Judge upholds the right to preach

About a month ago I asked whether a city — in this case, Duluth — can assign away First Amendment rights in a public space by renting it to a private organization which then seeks to ban certain expression. Now we know. It won’t be able to this year.

The Star Tribune reports that Judge Michael Davis has barred officials — at least temporarily — from preventing street preachers at Duluth’s Bentleyville Tour of Lights.

Steve Jankowski of Duluth and Peter Scott of Hibbing were kicked out of Duluth’s Bayfront Festival Park last year — a public park leased to a private organization — for preaching. The city has given the festival organizers “exclusive rights” to the park and the city administrator says that gives the organization the right to ban the preachers.

“Bentleyville is not a public forum, and the nonprofit is not a state actor,” Duluth City Attorney Gunnar Johnson said last week. “The plaintiffs do not have First Amendment rights in Bentleyville.”

But a federal magistrate last week recommended a temporary restraining order against the city, a recommendation Judge Davis has apparently upheld.

The full suit will go to trial next year. Until then, this what the freedom of speech looks like:

This latest controversy follows one in Minneapolis in 2010 in which an evangelist from Wisconsin sought to distribute Bibles and discuss sin at the gay pride festival in Minneapolis. Organizers of the festival sought to bar Brian Johnson, but federal Judge John Tunheim ruled the exclusion would have violated Johnson’s rights.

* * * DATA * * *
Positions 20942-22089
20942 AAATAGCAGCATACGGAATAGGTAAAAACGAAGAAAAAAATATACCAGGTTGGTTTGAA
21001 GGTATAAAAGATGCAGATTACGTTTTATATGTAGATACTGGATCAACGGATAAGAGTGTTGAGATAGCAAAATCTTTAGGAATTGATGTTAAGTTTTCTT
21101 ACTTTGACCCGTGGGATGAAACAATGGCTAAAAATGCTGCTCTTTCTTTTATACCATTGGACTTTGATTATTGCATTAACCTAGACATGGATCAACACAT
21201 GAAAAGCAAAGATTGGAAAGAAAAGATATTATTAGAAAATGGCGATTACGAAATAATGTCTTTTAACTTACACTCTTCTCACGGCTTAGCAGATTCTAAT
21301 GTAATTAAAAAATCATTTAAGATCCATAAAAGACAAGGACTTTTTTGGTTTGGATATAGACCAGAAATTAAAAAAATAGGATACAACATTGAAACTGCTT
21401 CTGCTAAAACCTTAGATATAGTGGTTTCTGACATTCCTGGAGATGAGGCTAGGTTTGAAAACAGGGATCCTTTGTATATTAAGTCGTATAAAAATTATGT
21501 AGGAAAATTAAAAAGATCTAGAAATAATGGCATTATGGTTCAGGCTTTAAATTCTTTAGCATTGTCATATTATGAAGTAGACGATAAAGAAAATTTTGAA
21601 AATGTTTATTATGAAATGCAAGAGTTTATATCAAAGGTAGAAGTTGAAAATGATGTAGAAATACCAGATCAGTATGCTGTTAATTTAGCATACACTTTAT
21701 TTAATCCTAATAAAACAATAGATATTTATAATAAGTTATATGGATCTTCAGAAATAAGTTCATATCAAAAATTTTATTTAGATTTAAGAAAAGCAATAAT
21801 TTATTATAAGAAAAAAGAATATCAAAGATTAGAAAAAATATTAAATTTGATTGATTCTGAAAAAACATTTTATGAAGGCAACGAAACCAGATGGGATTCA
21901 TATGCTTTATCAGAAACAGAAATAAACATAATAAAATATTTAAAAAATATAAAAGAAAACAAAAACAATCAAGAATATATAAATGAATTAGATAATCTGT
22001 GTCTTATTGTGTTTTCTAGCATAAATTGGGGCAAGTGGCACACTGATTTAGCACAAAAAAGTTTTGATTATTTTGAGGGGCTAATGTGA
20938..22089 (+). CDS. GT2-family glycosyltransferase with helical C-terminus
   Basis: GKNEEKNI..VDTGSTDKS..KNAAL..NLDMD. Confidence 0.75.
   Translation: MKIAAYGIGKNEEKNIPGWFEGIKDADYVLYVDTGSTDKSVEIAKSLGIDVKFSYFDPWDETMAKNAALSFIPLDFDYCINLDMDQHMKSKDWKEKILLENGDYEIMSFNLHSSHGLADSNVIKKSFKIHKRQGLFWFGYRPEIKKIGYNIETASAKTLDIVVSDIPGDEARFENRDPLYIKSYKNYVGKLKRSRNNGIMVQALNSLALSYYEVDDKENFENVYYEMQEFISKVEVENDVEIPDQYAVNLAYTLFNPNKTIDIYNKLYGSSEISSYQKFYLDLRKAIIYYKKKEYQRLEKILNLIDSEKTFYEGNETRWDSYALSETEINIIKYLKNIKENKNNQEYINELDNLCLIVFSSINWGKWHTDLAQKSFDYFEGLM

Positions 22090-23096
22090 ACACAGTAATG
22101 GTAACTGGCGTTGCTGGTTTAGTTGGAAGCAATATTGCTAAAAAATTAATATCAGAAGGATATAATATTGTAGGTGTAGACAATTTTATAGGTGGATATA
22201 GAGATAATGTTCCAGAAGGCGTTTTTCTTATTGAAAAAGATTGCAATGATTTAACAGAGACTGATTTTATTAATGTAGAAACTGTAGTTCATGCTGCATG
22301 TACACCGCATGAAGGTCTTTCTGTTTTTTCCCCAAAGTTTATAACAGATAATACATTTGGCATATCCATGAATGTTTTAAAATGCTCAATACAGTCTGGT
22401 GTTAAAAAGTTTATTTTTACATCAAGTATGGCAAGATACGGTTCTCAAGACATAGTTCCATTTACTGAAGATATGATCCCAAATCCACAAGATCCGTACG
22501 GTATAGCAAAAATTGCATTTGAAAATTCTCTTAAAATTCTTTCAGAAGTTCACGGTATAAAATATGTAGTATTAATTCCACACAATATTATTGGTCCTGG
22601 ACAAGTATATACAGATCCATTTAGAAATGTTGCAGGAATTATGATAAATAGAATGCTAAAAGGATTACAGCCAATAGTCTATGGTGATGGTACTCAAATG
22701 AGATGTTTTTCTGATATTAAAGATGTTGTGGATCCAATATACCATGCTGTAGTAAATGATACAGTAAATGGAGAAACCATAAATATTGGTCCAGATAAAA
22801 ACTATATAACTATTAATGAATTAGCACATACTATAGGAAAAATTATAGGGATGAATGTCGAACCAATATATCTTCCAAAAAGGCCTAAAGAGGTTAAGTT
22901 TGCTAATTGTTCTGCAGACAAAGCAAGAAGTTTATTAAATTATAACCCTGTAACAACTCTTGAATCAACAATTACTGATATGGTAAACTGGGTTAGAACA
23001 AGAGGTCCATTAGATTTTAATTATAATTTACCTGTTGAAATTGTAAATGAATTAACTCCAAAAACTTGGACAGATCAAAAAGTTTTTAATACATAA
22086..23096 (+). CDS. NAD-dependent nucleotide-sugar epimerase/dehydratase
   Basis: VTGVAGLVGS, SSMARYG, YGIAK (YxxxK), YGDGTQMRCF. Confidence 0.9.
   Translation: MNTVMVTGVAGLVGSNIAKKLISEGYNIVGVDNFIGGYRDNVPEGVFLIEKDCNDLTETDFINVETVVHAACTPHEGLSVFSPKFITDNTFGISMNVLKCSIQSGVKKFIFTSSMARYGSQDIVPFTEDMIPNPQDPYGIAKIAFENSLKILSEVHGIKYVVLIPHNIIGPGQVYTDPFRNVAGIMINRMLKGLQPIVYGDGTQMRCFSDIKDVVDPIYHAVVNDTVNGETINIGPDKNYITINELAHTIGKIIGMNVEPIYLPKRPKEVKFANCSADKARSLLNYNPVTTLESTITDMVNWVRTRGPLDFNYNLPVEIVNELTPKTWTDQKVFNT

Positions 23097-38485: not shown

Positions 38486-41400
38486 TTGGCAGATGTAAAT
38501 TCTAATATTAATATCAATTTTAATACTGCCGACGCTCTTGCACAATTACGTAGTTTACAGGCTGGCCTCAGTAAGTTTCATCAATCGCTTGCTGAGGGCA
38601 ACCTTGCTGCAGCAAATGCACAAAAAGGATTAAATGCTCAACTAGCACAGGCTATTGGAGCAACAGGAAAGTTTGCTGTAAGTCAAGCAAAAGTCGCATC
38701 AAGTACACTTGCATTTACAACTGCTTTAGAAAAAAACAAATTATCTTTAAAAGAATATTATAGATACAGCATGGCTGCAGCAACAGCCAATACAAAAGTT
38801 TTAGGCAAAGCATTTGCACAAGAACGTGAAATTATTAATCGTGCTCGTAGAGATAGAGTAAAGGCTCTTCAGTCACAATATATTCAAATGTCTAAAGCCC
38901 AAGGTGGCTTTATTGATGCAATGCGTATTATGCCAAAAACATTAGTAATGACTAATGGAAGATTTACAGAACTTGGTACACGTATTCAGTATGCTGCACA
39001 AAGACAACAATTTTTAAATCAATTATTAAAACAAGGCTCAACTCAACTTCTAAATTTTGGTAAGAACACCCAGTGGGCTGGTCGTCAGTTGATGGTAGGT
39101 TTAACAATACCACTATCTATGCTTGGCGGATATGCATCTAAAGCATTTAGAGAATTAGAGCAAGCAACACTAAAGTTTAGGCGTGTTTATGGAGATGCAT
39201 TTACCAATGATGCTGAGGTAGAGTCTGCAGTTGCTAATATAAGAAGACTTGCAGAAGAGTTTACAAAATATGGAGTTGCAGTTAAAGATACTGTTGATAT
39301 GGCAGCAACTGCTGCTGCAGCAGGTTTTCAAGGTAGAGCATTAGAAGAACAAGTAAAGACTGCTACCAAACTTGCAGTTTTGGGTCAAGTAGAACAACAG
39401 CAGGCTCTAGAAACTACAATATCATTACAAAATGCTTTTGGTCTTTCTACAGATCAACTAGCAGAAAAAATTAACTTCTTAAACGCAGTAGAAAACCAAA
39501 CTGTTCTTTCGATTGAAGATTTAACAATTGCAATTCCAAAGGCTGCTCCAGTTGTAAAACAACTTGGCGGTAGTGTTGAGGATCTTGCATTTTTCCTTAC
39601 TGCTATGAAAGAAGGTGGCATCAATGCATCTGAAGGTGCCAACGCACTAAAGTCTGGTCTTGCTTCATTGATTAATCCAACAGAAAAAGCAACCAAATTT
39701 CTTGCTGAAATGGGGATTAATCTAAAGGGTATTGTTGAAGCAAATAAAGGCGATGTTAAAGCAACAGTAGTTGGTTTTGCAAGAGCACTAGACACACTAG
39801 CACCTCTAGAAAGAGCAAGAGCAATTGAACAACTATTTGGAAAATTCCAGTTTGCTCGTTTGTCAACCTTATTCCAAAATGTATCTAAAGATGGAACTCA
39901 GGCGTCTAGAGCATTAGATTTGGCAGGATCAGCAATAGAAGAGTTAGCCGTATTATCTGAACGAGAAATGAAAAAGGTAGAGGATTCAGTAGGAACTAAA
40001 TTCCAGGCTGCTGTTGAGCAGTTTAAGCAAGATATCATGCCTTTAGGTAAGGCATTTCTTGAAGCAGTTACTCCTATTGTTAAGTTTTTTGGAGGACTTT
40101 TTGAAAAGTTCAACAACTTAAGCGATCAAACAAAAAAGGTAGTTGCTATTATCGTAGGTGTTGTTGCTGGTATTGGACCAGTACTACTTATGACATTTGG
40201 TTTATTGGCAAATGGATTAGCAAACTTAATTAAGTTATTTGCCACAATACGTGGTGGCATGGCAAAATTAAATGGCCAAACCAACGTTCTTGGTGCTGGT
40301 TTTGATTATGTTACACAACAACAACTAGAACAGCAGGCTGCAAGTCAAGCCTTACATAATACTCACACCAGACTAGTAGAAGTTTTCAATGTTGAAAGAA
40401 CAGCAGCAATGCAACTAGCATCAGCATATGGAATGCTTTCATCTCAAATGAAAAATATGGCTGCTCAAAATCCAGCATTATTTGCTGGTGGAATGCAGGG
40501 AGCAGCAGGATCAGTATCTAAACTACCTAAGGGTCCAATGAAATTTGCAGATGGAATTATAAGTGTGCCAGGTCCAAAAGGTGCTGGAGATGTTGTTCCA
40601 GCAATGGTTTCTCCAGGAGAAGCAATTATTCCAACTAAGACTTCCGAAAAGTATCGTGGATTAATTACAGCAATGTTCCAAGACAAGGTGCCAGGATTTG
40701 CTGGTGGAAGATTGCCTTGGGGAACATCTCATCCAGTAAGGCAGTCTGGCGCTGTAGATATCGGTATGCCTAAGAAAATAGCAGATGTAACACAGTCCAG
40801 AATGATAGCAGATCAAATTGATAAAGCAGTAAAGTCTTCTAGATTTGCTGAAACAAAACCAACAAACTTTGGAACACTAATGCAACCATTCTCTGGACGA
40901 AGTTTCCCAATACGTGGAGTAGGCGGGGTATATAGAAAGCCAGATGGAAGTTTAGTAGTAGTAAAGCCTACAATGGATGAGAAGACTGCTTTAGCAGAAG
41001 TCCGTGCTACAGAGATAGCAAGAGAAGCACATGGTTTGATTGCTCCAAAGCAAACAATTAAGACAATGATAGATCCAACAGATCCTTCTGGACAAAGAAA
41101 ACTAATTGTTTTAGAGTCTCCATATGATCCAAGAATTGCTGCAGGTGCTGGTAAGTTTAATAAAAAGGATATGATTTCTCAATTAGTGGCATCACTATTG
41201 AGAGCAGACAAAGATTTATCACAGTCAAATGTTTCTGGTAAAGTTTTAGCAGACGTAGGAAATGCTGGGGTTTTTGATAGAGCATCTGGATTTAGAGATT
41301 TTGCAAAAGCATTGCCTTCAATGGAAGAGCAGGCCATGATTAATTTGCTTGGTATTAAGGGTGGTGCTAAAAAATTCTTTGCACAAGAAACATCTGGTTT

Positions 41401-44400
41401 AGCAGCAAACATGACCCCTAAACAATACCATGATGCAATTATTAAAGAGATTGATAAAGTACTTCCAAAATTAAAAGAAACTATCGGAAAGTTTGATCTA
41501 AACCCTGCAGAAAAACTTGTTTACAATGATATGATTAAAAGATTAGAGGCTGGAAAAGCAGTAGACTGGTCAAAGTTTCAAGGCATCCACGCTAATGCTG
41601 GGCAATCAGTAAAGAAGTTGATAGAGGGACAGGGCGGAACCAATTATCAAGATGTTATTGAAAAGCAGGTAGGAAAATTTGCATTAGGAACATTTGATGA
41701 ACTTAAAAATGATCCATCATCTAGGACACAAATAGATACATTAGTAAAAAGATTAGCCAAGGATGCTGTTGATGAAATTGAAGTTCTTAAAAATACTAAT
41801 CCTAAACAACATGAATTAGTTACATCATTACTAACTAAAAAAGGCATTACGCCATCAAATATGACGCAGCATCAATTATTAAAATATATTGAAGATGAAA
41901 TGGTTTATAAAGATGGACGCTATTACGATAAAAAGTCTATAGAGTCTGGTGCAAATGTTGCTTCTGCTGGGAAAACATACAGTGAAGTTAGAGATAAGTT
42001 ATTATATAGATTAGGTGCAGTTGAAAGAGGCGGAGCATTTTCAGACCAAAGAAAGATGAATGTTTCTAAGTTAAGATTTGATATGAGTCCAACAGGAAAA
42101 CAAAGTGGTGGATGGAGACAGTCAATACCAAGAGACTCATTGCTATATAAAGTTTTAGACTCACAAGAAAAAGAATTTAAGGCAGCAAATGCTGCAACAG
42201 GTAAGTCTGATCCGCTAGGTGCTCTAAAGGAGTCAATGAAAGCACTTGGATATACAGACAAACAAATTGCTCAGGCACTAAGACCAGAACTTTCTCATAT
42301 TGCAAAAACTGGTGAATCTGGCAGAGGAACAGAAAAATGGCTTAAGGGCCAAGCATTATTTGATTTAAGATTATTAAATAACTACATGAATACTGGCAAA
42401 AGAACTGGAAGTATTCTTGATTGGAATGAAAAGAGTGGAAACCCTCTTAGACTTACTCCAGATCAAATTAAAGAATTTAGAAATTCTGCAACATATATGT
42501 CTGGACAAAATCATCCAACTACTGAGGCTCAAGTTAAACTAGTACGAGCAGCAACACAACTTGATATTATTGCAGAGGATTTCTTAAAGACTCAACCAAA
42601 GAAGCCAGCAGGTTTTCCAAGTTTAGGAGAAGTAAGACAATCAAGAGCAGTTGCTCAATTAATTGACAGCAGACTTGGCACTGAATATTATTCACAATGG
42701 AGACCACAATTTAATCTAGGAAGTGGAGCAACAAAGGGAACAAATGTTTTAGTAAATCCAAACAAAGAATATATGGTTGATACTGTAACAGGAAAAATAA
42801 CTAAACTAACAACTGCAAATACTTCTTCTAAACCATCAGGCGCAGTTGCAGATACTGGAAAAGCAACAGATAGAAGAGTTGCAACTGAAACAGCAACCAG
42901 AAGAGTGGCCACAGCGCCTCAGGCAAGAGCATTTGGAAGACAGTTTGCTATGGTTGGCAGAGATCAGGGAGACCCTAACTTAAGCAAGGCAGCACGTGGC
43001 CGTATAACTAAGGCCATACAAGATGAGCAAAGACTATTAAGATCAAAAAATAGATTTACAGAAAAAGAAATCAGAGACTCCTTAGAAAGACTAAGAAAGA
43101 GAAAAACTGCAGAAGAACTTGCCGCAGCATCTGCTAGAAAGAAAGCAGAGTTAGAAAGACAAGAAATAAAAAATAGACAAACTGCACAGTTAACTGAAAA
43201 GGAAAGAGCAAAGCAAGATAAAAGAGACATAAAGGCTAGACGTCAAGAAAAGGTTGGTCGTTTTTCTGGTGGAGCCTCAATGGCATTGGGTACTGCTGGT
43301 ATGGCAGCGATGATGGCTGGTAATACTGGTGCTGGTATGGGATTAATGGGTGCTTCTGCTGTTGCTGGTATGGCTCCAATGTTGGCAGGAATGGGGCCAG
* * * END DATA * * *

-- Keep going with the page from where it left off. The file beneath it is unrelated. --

• JackU

    I find it interesting that we have this article and the 5×8 piece about control of twitter on the same day. Would I be the only one surprised if those calling for the right to ban groups from Twitter would be on the side of the preachers in this case?

  • John P II

    Better to err on the conservative side of free speech and public spaces I think, so I like the temporary restraining order.

    “Trust Jesus! watch the ice.”

  • martha

    I would really like it if one of the many stories on this issue would actually touch on the reasoning of the court and the parties. Instead, we just get reporting on the controversy. Was the judge’s position that you can’t lease out public property to those who will bar entry? What about the blues fest? They eject people. I want to know why the court decided how it decided, not just what it decided.

  • Bob Collins

    As I indicated, this is a temporary restraining order pending the trial, which will not take place until next year. The judge acted on the recommendation of the magistrate last week, who ruled that the city cannot prevent the exercise of speech unless it is deemed to be harassment.

    All of this does not set precedent because the case hasn’t gone to trial yet.

    One of the problems of getting the data you seek is the federal court system, unlike the Minnesota court system, is in the dark ages when it comes to access.